Six Long Years
The imprisonment of Nazanin Zaghari-Ratcliffe and what led to her release
April 29, 2022
Nazanin Zaghari-Ratcliffe left her home in the UK in March 2016.
The 37-year-old mother, at that time employed by the Thompson Reuters Foundation, boarded a plane to Tehran with her 22-month-old daughter, Gabriella.
She was planning to spend two weeks in Iran to celebrate Nowruz with her family and let her parents meet their granddaughter.
However, Nazanin wouldn't return to the UK until 2022. Two weeks turned into 6 years.
Nazanin was arrested at Imam Khomeini Airport on April 3 2016 while waiting with her daughter to board their flight back to the UK.
The arrest was made by Iran’s Revolutionary Guard Corps, known more commonly as the IRGC. The IRGC initially refused to public state the reason for the arrest.
Nazanin was later sentence to five years in prison on these secret charges. These were later revealed to be heading a “foreign hostile network.”
But why was Nazanin really taken prisoner by Iran? It became increasingly clear that the British-Iranian dual national was being used as a bargaining chip by Iran to gain political leverage over the British state.
The British government owed Iran a debt of £400 million for the purchase of Chieftain tanks. The Iranian Revolution in 1979 stalled the deal and the tanks never arrived.
The seizure of foreign citizens in order to gain concessions has been a worrying policy from the Iranian State in the last two decades. The practice is often referred to as ‘hostage diplomacy.’
Iran has detained a number of dual nationals in recent years, not just from the UK but also the US, Australia and Canada. These individuals, often arrested on very dubious charges, have been, like Nazanin, used as diplomatic leverage to get something in return for their release.
There is no definitive answer for why Iran continues to pursue this policy. Some cite internal political differences within Iran. There is an impression that hardliners within the country such as members of the extremely nationalistic IRCG, want to discourage assimilation with Western states.
However, what can be said is that, for Iran, hostage diplomacy is clearly working. Iran is able to use the detention of dual nationals to settle old scores and claim a diplomatic victory. It is also a policy that Western states currently have no normalised or effective response to.
But what happened in those six years and how did Nazanin finally reach freedom?
For Nazanin, her imprisonment was a horrendous ordeal. After subject to heavy interrogation, she was held in Tehran’s Evin prison. After two years inside the prison, Nazanin was allowed to see her daughter on a temporary three-day release before being returned to her cell.
In 2019, Nazanin undertook two hunger strikes in protest of being denied specialist medical care and demanding her unconditional release, one which lasted for 15 days.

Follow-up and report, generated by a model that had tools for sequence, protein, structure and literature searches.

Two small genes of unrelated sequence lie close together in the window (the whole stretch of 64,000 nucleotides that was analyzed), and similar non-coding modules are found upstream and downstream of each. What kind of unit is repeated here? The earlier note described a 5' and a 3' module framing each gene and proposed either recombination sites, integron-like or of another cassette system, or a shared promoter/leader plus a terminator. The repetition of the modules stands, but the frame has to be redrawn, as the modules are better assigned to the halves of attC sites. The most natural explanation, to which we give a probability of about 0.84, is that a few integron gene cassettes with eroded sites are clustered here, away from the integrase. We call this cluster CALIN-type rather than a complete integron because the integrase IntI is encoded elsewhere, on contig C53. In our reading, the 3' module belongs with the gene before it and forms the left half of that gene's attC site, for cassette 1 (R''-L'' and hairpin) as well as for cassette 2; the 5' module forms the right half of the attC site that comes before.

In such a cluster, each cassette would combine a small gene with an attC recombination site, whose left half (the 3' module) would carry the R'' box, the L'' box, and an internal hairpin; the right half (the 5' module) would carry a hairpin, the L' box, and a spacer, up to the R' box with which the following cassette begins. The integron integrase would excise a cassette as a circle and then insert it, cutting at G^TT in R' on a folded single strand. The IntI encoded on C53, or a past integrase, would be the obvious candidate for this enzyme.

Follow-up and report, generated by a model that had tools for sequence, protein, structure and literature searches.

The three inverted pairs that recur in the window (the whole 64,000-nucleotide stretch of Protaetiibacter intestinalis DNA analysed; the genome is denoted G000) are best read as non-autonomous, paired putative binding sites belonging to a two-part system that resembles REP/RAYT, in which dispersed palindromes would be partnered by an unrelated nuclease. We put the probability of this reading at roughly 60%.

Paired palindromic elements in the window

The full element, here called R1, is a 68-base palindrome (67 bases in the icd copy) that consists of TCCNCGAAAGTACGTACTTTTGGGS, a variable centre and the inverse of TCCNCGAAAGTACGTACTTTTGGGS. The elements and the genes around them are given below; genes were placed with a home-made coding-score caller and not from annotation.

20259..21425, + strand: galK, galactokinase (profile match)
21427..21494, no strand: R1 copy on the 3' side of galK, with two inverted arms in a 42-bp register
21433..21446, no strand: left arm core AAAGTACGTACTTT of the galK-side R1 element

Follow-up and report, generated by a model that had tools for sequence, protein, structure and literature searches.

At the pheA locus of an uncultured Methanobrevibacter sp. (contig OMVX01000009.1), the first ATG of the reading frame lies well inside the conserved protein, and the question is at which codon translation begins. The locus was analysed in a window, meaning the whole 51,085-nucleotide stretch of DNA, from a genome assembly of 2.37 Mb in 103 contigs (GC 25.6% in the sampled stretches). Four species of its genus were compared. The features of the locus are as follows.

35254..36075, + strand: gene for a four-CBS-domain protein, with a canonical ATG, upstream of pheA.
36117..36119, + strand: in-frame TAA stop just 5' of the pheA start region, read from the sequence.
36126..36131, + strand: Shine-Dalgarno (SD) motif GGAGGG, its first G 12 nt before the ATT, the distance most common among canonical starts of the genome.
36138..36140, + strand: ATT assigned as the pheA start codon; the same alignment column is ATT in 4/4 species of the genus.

March 2020 gave Nazanin a glimmer of hope, with Covid cases running rampant through the prison, she was moved to her parent’s house to be held under house arrest. In April 2021 her prison sentence was extended by another year, accused of taking part in a protest in London 12 years previously.
During these six years, forces in the UK were fighting for her release. No more so than her husband, Richard.
While his wife remained a prisoner 5,000 km away, Richard devoted his life to securing her release. He tirelessly campaigned and sought publicity for her case despite the initial advice of the Foreign Office to remain quiet.
In October 2021, Richard began another hunger strike outside the Foreign Office demanding that the government do more to return his wife to the UK. Richard maintained his hunger strike for 21 days, sleeping in a small tent in Whitehall.
Rob Powell, journalist at Sky News who covered the Zaghari-Ratcliffe story, believes that a great reason why Nazanin was eventually released was “because of her husband.”
He just knew how to keep her in the headlines—Rob Powell
Richard was “willing to do lots of interviews and was very level headed.” This ability to work with the media caused public pressure on the government to act.
The breakthrough finally came in March 2022. Working with Oman as an intermediary, the British government reached a deal with Iran to secure the return of both Nazanin and another prisoner, Anoosheh Ashoori.
Unsurprisingly for many, the deal came in tandem with the payment of the £400 million debt with the caveat that it only be used for humanitarian purposes. An argument for why the deal had taken so long to achieve is that the British government began to treat the debt, not as a ransom but an unrelated legally-owed payment.
Nazanin left Iran aboard an RAF plan on 16 March. Touching down in the UK, six years after she had left, she was finally reunited with her husband and daughter, ready to begin their next chapter of their life together.